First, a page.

Well, Diva, as we get through 2017 tax time, what new plans have you for this year, 2018? The new tax bill will have some of us running for the hills and others of us praising the tax gods. Given that, what have you been thinking about in terms of buying a second or third home? The new tax bill has lowered the mortgage interest deduction to $750,000 from $1 million. Depending on the size of your current mortgage, you may not be able to deduct the interest on that second loan. Umm-hmm. This changes things for some of us. Then you throw in the elimination of interest deduction on existing and new home loans, and the bit about state and local income tax deductions being capped at $10,000 … and buying that second home isn’t as financially appealing as it was in years prior. Yikes! You guys know I just bought a vacation cottage last year. This new rule hurts!
But we enter such a peaceful state of mind whenever we walk through those doors. We think it’s worth it. Plenty of experts agree with us that there are other factors besides taxes to consider when pondering owning a second home. Those valid factors are things like:
- Vacation or Rental? What’s the end goal here? Do you want a place that’s all yours for vacationing once a month, a few times a year, or twice a year? Or do you want to have a rental property for extra Benjamins? You’ll need to decide how long you’ll spend at this property. In order to qualify it as rental property, you can’t spend more than 14 days at the property each year. Anything over that, your crib becomes personal or vacation property. If I’m paying for a place, I sure as heck plan to spend more than 14 days in it. So our lake cottage qualifies as a vacation home. Our home owners association actually doesn’t allow us to rent out our homes, unless the renters will be there for a full season (three month minimum). I find this ensuring. Long-term renters tend to care more for the property, than those who are in-and-out vacationers.
- Fixer Upper or In Ship-shaper? Maybe you’re looking for a hobby, and renovating a home is right up your alley. Yay! Go for it! The lake house I purchased last summer (people insist I stop calling it a cottage, because it has six bedrooms. But in my head, that’s what it is) really didn’t need any work. But I wanted to make it ours. So I spent a ton of time decorating it my way and I must admit the end result has been beyond fulfilling. My ultimate Pink Elephant goal is to have it featured in one of those interior design magazines. So if you follow my social media posts, you’ll be seeing A LOT of updates this summer as I break this Pink Elephant into small bites. Small bite #1 – hire an interior decorator to help me bring to life all the beautiful pieces I’ve cultivated over the years. Check! We’ll be ordering the wallpaper next week. What you have to keep in mind with a second home are how much small expenses like this add up. Not to mention the umpteen number of trips you’ll need to make to Home Depot. These all totally impact your bottom line of expenses. As do the extra utility expenses. All utility companies are NOT created equal. So beware. Our water bill in Michigan is managed by the municipality. Because the water has to be imported in from somewhere (even though, hello, the place is 1/10th of a mile from Lake Michigan) the water fees are ridiculous. We spend $150 a month just to have access to the water! So that’s our minimum bill before a drop of water is even used. Ridiculous I know. So if you plan to visit, don’t be surprised when I hand you a three minute hour glass to track your short showers! Be absolutely sure you can afford emergency expenses, and that’s anything from a broken bathroom door handle to a broken picture window to broken or frozen pipes. These things DO happen, and being a homeowner gives you only one number to call for help – yours.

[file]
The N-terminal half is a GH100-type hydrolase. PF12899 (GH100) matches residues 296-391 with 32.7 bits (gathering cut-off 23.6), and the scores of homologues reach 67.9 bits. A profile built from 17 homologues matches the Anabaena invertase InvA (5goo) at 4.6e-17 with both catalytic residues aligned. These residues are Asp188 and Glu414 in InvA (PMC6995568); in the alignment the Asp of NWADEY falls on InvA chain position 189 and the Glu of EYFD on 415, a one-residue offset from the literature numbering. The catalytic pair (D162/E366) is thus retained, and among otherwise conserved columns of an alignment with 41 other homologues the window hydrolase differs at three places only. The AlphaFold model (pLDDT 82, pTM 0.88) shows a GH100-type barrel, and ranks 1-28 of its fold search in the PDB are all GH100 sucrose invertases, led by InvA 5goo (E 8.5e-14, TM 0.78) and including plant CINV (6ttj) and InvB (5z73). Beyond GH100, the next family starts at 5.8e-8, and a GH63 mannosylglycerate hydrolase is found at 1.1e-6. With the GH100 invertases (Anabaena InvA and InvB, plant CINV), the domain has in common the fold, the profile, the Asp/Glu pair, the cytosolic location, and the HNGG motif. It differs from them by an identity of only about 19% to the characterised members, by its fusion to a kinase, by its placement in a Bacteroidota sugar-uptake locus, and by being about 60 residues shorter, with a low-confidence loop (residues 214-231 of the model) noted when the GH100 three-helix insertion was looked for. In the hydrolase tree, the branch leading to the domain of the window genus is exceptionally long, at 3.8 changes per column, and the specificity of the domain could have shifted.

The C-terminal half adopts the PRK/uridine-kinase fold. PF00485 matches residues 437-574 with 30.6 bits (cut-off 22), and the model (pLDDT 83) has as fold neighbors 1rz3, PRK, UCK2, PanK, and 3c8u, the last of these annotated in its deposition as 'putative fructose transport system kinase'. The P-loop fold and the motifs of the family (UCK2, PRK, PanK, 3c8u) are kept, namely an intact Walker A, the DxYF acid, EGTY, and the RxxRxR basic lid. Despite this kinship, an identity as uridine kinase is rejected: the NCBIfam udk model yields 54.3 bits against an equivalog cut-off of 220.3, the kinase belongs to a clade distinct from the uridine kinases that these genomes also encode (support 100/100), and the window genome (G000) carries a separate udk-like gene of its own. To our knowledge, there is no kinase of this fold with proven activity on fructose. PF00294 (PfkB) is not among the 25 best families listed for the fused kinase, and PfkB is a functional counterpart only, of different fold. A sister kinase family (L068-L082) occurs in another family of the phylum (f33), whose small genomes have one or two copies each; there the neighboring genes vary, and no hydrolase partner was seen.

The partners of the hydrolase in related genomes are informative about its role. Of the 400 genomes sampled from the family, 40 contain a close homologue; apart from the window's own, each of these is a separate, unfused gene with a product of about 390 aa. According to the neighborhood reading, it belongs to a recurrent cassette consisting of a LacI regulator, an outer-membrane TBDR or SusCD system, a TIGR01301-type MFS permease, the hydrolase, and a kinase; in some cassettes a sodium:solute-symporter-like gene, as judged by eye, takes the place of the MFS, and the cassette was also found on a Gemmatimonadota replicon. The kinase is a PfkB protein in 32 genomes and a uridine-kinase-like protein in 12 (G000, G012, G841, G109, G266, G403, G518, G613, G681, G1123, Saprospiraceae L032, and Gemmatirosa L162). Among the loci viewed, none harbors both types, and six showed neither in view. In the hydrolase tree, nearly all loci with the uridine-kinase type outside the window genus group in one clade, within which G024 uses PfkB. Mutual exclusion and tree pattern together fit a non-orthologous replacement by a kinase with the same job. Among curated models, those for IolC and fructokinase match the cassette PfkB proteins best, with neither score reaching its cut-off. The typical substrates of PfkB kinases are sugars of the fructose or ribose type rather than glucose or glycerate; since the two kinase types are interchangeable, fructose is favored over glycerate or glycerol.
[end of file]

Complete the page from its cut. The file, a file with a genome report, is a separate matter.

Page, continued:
- Business or Pleasure? If you own a business, perhaps your new digs could be purchased through your LLC and used as an office. This type of thing is great for you dentists, therapists, and lawyers who are having trouble finding cute (let alone available) commercial space.
Once you’ve determined how you want to use the home, you’ll get into the nitty gritty of tax breaks with your tax professional. You’ll need to consult tax rules for each of the three scenarios above. For example, you don’t want to get into hot tax water because of sliding over your 14 days at the property.
One last thing, some of the issues above with buying a second home, as well as new issues that will arise due to the new tax laws—like an influx of property to buy due to people unloading—may or may not be affected depending on where you live. Divas in New York or California may have more reason to push the pause button than those in Texas or Michigan. Get the facts, and be prepared to chill if necessary while things get sorted. But I am definitely in support of owning your own five-star luxury second home. So go for it!